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Disguised Unemployment - Definition, its Causes, Impact and Forms of Disguised Unemployment


An economic concept known as "disguised unemployment" or "hidden unemployment" describes a section of the labour force engaged in duplicate activity with little to no production. In disguised unemployment, people appear to be employed but are actually not making a meaningful contribution to the economy. Disguised unemployment does not affect an economy's aggregate economic output. To put it simply, disguised unemployment occurs when the number of people doing the work (supply) is more than the number of people required to do that particular work (demand).

People who don't work to the best of their ability, perform duties that don't add much to productivity or are unemployed but aren't actively looking for work while having the potential to increase output can all be considered contributing to disguised unemployment.

Disguised unemployment is prevalent in developing nations, which are still growing and have large populations. We call this a labour surplus. Although difficult to spot, disguised unemployment can be identified as the one that typically involves small family enterprises with more employees than necessary. The informal agricultural labour market is another name for it. It differs from seasonally induced unemployment (which can occur due to climatic factors).

The productivity margin is notably very low. Another way to think about disguised unemployment is to say that people are employed but not in a very efficient way. They have skills that are being left on the table, are working jobs that do not fit their skills (possibly due to an inefficiency in the market that fails to recognise their skills), or are working but not as much as they can.

Define Disguised Unemployment

The term "disguised unemployment," often known as "hidden unemployment," refers to the part of the labour force engaged in the same work that produces little to no productivity.

Some examples of Disguised unemployment

The following are some examples of disguised unemployment also viewed as unproductive employment:

  1. People who work part-time but possess the ability and skills necessary to function and be productive at a full-time working level.

  2. People choose jobs with qualifications that are insufficient for their abilities and skills. As an illustration, consider a person with a college or university degree who decides to work as a labour because they cannot find more appropriate employment for their qualifications.

  3. Disguised unemployment also includes those who are ill or disabled yet are capable of performing specific duties. Because although they are frequently excluded from a country's official national unemployment figures, they may be qualified for some jobs.

  4. Those who were pressured into taking early retirement once their employment became redundant.

  5. People work on tasks that don't produce as much as they should.

  6. Those people who are not looking for work. They are typically not seen as being jobless. Many nations solely count job seekers when calculating unemployment rates.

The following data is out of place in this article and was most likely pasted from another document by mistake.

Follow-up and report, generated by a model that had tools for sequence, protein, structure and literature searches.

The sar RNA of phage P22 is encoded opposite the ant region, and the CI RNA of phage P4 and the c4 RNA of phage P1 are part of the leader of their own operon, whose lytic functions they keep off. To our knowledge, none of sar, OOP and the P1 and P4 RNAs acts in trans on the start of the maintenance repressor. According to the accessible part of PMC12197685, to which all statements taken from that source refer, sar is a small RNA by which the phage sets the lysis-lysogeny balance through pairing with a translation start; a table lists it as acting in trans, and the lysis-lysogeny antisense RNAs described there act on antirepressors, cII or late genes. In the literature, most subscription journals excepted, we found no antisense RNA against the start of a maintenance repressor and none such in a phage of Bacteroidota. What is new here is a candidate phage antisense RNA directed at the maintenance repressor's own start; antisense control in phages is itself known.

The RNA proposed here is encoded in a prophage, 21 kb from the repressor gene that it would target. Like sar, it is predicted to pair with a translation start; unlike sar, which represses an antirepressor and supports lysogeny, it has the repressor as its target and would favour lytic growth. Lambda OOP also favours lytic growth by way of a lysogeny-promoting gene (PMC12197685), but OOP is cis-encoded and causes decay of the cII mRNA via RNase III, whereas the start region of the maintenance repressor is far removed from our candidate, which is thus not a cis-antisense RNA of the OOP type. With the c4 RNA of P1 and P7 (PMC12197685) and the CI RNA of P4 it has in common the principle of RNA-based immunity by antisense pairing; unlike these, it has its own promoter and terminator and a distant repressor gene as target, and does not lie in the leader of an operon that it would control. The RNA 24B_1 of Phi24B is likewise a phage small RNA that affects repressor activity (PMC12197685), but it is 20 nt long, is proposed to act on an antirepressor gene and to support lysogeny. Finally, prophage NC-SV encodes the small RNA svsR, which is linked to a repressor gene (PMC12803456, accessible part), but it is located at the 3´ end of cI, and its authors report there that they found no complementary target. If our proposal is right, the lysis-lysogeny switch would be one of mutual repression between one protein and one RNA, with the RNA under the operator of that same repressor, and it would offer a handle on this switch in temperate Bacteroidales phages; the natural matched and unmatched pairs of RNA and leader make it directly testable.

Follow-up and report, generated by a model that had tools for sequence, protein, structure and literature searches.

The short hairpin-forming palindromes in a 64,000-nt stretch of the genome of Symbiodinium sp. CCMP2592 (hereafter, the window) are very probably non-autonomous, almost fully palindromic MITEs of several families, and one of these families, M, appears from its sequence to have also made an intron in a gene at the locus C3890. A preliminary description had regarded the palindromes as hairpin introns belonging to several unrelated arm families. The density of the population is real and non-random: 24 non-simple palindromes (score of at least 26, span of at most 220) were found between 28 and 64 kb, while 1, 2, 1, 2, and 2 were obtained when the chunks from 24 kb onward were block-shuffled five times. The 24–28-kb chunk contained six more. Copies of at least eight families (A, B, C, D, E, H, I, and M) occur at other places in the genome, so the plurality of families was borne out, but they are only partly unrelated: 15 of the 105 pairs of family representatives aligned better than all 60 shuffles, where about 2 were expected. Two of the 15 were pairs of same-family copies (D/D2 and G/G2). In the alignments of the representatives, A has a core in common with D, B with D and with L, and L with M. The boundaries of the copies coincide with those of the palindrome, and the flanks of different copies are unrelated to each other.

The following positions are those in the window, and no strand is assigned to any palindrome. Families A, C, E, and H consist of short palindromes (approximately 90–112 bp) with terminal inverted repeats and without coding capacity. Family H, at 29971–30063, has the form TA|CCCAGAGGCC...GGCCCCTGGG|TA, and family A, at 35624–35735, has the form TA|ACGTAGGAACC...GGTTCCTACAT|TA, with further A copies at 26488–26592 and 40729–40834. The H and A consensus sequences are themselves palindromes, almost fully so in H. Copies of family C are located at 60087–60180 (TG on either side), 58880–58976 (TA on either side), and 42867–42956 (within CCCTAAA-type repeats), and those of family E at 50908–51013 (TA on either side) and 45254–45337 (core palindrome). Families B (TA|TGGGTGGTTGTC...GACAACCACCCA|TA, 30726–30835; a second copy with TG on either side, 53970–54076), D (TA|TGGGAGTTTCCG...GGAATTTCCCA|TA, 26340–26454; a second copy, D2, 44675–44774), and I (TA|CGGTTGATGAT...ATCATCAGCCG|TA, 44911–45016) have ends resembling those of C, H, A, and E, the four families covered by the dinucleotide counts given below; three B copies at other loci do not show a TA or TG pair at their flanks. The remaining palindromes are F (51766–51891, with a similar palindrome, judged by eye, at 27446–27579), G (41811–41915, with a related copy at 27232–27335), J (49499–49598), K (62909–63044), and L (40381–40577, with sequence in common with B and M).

Types of Disguised Employment

  1. Underemployment

People who work part-time jobs occasionally may be considered disguised as unemployed if they want and can work full-time jobs.

  1. Disease and Disabilities

Those who are unwell or are regarded as partially impaired may also be included. Even though they might not be working directly, individuals nevertheless have the potential to contribute to the economy.

  1. They are no longer seeking employment.

Regardless of the reason, when calculating the unemployment rate, a person is frequently no longer deemed unemployed once they cease looking for work.

Consequences of Disguised Unemployment:

The effects of disguised unemployment on the economy and society can be detrimental. 

  • One of the main outcomes is decreased productivity overall

  • It can result in inefficiencies, wastage of resources, and reduced economic growth.

  • Disguised unemployment can also lead to income inequality, as a surplus labour supply can drive down wages and exploit workers

  • Disguised unemployment can have social and psychological repercussions. Workers stuck in low-productivity jobs with little job satisfaction may experience low self-esteem, lack of motivation, and diminished well-being

Addressing Disguised Unemployment:

  • One key strategy for addressing disguised unemployment is to promote economic diversification and modernisation of sectors with high levels of disguised unemployment, such as agriculture. This can involve investments in modern technology, infrastructure, and education and training to enhance productivity and create alternative employment opportunities.

  • Another crucial approach is to invest in education and skill development programs to improve the employability of the workforce. By equipping workers with the necessary skills and education, they can have better access to job opportunities and transition from low-productivity jobs to more productive and fulfilling employment.

  • In addition, fostering an enabling environment for entrepreneurship and small and medium-sized enterprises (SMEs) can also help address disguised unemployment. This will generate more job opportunities.

In conclusion, disguised unemployment is a phenomenon where a large number of people are employed in a sector or industry without making meaningful contributions to productivity.